So I don’t have to go thru the plot bits again, please read my first blab on Reamde, found here.  Amazon plot blurb can be found here.

A mainstream book review site (Salon? Slate?  someone like that) blurbed Reamde as being Stephenson’s most accessible book yet.  And it is.  No weird futuristic monks or cyberpunk guys with odd names, no generational flashbacks, nothing “weird” or inaccessible on that front. A globe spanning thriller that falls somewhere between a Ludlum style “pick off the bad guys one by one” and a Doctorow-esque “the Chinese gold farmers aren’t the bad guys!” ,  Reamde is surprisingly normal,  or at least normal compared to what I’ve come to expect from Stephenson.  It is in a word, it is utterly accessible.

For us Speculative Fiction fans, accessible is the double edged sword of the decade.

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Fevre Dream, by George R R Martin

Published in 1982

where I got it: borrowed from a friend

why I read it: been on a GRRMartin kick lately

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I’ve been on a George R R Martin kick lately, along with most of the epic fantasy blogosphere. While everyone else is reading a nearly infamous fifth book, I’ve been hitting the backlist. When a friend offered to lend me his autographed copy of Fevre Dream along with the recently released graphic novel (which I haven’t read yet), I jumped at the chance. George R R Martin writing vampire horror on an antebellum Mississippi River? Sign me up!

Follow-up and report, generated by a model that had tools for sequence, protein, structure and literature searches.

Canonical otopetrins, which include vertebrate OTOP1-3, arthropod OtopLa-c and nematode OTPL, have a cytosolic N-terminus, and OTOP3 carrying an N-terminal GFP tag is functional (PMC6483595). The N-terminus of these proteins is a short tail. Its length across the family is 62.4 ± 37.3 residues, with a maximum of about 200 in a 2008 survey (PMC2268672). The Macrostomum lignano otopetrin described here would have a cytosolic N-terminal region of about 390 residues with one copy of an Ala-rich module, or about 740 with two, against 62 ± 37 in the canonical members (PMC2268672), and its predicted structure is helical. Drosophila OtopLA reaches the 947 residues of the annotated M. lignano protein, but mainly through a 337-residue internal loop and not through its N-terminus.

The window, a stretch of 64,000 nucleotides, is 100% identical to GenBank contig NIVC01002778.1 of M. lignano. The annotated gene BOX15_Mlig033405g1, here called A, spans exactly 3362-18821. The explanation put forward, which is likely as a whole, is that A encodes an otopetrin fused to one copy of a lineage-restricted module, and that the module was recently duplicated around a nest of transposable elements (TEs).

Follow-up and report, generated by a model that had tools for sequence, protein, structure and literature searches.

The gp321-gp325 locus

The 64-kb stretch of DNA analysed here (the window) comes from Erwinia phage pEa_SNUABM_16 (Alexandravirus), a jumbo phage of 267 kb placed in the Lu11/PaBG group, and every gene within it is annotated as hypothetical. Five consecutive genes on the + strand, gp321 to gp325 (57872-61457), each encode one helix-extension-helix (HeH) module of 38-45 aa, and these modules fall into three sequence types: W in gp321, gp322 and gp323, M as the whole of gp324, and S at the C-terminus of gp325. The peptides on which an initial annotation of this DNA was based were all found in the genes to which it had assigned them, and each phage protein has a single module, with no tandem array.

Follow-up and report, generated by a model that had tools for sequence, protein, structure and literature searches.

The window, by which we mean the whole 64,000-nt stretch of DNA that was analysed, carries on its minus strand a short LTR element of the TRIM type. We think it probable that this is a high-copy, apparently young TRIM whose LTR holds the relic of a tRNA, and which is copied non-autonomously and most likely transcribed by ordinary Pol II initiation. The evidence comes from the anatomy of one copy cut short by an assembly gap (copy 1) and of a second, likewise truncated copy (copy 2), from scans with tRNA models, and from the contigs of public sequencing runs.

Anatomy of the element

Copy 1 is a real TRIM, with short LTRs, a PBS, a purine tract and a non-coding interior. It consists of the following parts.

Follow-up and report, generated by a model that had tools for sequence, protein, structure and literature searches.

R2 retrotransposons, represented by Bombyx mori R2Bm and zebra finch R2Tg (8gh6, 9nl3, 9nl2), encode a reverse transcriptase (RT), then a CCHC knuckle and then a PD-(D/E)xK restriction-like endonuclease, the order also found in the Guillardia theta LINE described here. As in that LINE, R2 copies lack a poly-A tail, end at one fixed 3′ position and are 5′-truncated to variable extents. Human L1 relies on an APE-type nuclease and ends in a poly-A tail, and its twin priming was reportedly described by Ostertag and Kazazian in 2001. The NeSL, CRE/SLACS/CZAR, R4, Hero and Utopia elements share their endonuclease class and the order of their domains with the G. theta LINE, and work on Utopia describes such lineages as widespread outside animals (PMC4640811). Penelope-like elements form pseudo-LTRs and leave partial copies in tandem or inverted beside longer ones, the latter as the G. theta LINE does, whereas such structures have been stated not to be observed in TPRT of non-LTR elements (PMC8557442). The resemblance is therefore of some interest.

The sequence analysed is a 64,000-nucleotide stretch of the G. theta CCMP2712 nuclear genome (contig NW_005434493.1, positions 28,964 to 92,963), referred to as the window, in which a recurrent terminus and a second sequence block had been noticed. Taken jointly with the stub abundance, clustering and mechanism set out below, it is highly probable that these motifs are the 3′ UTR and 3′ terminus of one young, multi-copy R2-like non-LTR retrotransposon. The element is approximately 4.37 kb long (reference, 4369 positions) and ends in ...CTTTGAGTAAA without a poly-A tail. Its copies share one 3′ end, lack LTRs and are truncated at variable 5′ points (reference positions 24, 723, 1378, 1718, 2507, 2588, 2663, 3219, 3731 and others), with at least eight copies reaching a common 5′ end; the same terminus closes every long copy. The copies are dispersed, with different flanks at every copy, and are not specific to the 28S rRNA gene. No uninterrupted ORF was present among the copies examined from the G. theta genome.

beware – spoilers ahead.

Fevre Dream opens with a very depressed steamboat owner. Abner Marsh has had nothing but bad luck. Steamboats crushed in ice, or destroyed by the river. Few want to work with him, some believe he’s cursed. One day he’s approached by a wealthy gentleman named Joshua York who makes Marsh an offer he can’t refuse. Their partnership agreed upon, York supplies massive sums of money, and Marsh hires the best riverboat builders, engineers, and pilots money can buy. Soon, the Fevre Dream is born. She’s over 300 feet long, trimmed in silver, and nearly covered in mirrors. Once you’ve laid eyes on the Fevre Dream, you can never forget her.

It’s not long before Marsh and his crew suspect something strange is going on. York is never seen in the day time, and seems to only drink a homebrew wine. Betraying York’s trust to never enter his room or ask detailed questions, Marsh breaks into his room in an attempt to discover his secret.